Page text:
- The Washington Times - Sunday, March 20, 2016

Black robes will be de rigueur Wednesday, when the U.S. Supreme Court hears Zubik v. Burwell, a case pitting nuns against the Department of Health and Human Services’ contraceptive mandate.

The Little Sisters of the Poor, a Catholic order that cares for the impoverished elderly, and six other petitioners argue that Health and Human Services’ “accommodation” from the mandate violates the Religious Freedom Restoration Act by substantially burdening their free exercise of religion.

Even if the religious burden furthers a compelling state interest, petitioners argue, it violates the religious freedom act by not doing so through the least restrictive means possible.

“The government has ample ways to distribute these services without us — and their brief says those ways are perfectly fine for the tens of millions of people covered by all the other exemptions it handed out,” Sister Loraine Marie Maguire, mother provincial of the Little Sisters of the Poor, said in a press release. “I don’t understand why the government can’t just use the same system and programs it already has in place and leave us Little Sisters to our work of caring for the elderly poor as we have for 175 years.”

She pointed out that several major corporations already have been excused from the mandate, even though they are not religious.

“The government already exempts 1 in 3 Americans from this mandate, and it has given big government programs and big companies like Exxon and Visa the freedom to decide not to comply with the mandate, even just for reasons of cost or convenience,” Sister Loraine said. “Protecting our ability to care for the elderly poor ought to be at least as important as helping big business save a few dollars.”

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In the wake of the Hobby Lobby v. Burwell decision, Health and Human Services created three categories for determining how to implement Obamacare’s contraceptive mandate: (1) houses of worship, (2) religiously affiliated nonprofits or closely held corporations, and (3) all other organizations.

The first category is exempt from the contraceptive mandate, while for the third it is mandatory. But HHS carved out an accommodation for the second group, whereby organizations notify the insurer, plan administrator or HHS of their religious objection to the law and are supposedly released from providing or paying for the contraceptive coverage.

But groups like the Little Sisters say the accommodation requires them to take active steps to provide potentially abortion-inducing drugs to their employees — steps they say violate their religious beliefs. And although the accommodation stipulates that insurance companies will foot the bill for the contraceptives, petitioners argue those costs will be reflected in their premiums.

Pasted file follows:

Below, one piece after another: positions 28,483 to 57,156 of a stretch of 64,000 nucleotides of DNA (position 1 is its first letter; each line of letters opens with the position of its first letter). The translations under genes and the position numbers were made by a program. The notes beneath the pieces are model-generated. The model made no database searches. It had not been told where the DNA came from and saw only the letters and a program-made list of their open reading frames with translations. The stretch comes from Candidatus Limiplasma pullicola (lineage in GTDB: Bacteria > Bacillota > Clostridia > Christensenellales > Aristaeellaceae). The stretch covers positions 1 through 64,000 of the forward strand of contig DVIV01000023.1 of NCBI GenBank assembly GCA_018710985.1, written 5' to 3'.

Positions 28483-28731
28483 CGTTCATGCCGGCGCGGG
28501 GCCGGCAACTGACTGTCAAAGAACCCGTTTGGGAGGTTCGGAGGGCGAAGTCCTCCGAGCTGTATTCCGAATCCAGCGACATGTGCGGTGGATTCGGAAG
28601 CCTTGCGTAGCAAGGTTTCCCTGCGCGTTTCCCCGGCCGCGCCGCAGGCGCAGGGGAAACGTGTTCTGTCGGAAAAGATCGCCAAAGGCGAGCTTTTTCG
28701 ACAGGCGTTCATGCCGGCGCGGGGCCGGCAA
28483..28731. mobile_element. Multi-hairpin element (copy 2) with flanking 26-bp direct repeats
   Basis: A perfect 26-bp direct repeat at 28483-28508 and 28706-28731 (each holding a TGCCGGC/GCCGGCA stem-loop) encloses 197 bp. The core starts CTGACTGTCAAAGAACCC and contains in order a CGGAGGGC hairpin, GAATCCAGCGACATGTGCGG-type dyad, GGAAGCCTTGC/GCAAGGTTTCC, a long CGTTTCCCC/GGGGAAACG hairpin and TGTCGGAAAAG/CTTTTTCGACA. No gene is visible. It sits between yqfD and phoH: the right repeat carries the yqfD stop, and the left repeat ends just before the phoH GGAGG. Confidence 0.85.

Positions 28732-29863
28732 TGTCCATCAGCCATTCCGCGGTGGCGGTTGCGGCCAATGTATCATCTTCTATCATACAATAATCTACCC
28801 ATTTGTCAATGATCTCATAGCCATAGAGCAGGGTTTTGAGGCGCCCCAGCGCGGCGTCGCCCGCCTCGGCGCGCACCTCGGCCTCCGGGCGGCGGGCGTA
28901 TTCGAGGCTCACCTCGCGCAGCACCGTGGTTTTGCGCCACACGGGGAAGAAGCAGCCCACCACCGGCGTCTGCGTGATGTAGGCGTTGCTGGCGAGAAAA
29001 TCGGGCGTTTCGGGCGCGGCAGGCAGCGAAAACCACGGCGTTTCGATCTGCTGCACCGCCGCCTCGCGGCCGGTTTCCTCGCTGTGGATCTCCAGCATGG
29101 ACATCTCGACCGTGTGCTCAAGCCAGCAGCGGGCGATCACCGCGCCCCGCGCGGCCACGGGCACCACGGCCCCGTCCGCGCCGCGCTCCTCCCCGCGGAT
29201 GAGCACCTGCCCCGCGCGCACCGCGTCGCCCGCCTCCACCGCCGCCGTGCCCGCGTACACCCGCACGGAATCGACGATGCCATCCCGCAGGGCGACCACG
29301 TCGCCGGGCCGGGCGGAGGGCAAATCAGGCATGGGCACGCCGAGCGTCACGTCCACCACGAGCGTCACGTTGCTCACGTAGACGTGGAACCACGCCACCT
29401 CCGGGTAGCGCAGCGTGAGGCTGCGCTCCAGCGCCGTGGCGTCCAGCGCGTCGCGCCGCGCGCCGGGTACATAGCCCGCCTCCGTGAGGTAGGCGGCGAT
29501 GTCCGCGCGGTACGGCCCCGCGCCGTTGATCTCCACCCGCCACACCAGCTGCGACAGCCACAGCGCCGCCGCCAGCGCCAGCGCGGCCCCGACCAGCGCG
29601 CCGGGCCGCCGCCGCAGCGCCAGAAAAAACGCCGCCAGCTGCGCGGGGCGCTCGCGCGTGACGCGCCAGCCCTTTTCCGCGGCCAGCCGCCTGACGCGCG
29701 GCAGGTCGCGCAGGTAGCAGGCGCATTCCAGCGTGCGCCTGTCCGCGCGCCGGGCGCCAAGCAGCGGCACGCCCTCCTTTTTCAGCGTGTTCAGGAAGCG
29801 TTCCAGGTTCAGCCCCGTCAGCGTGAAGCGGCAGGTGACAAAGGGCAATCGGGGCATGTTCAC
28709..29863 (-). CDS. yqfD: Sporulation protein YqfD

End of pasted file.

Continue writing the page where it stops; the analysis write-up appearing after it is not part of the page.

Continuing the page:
David Cortman, senior counsel for the Alliance Defending Freedom, which represents a coalition of Christian colleges and universities in two of the cases consolidated before the Supreme Court, said religious nonprofits are still left with no viable option.

“The administration continues to impose the same unacceptable choice: obey and abandon your freedom, or resist and be punished,” Mr. Cortman said in a press release. “The Obama administration has offered no option to religious non-profits that allows them to act consistent with their faith.”

But Marci Hamilton, professor at the Benjamin N. Cardozo School of Law at Yeshiva University, said the nuns face an uphill battle, arguing they are not being asked to violate their religious beliefs by allowing their employees access to contraception.

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“It’s not that there’s anyone saying that the university or the Little Sisters of the Poor themselves would ever have to use or touch contraception,” Ms. Hamilton said on a press call. “It’s that one of their employees might.”

She also pointed out that eight of nine circuit courts sided in favor of the government on the issue.

“One circuit has gone the other way, but I think the narrowness of this split — it’s so lopsided — it’s very hard to sell the theory that complicity of my actions is going to make me violate my religion because someone who is not in my religion is going to take an action,” she said. “That, I think, is the hard thing for them to face.”

With the absence of the late Supreme Court Justice Antonin Scalia, a best-case scenario for the Little Sisters is probably a 4-4 split, in which Justice Anthony Kennedy joins his conservative colleagues on the bench.

But SCOTUSblog reporter Lyle Denniston said he believes the court will try at all costs to avoid a split decision, which would uphold the various circuit court rulings and fracture the meaning of the contraceptive mandate by region.

“My own sense is that the Court is going to try very hard, particularly Justice Kennedy is going to try very hard, to find a way to resolve this case without a 4-4 split,” Mr. Denniston said on a press call.

“That may mean that they will try to reach for a narrower opinion, which might be finding that the government’s accommodation is not the least-restrictive accommodation,” he said.

• Bradford Richardson can be reached at brichardson@washingtontimes.com.

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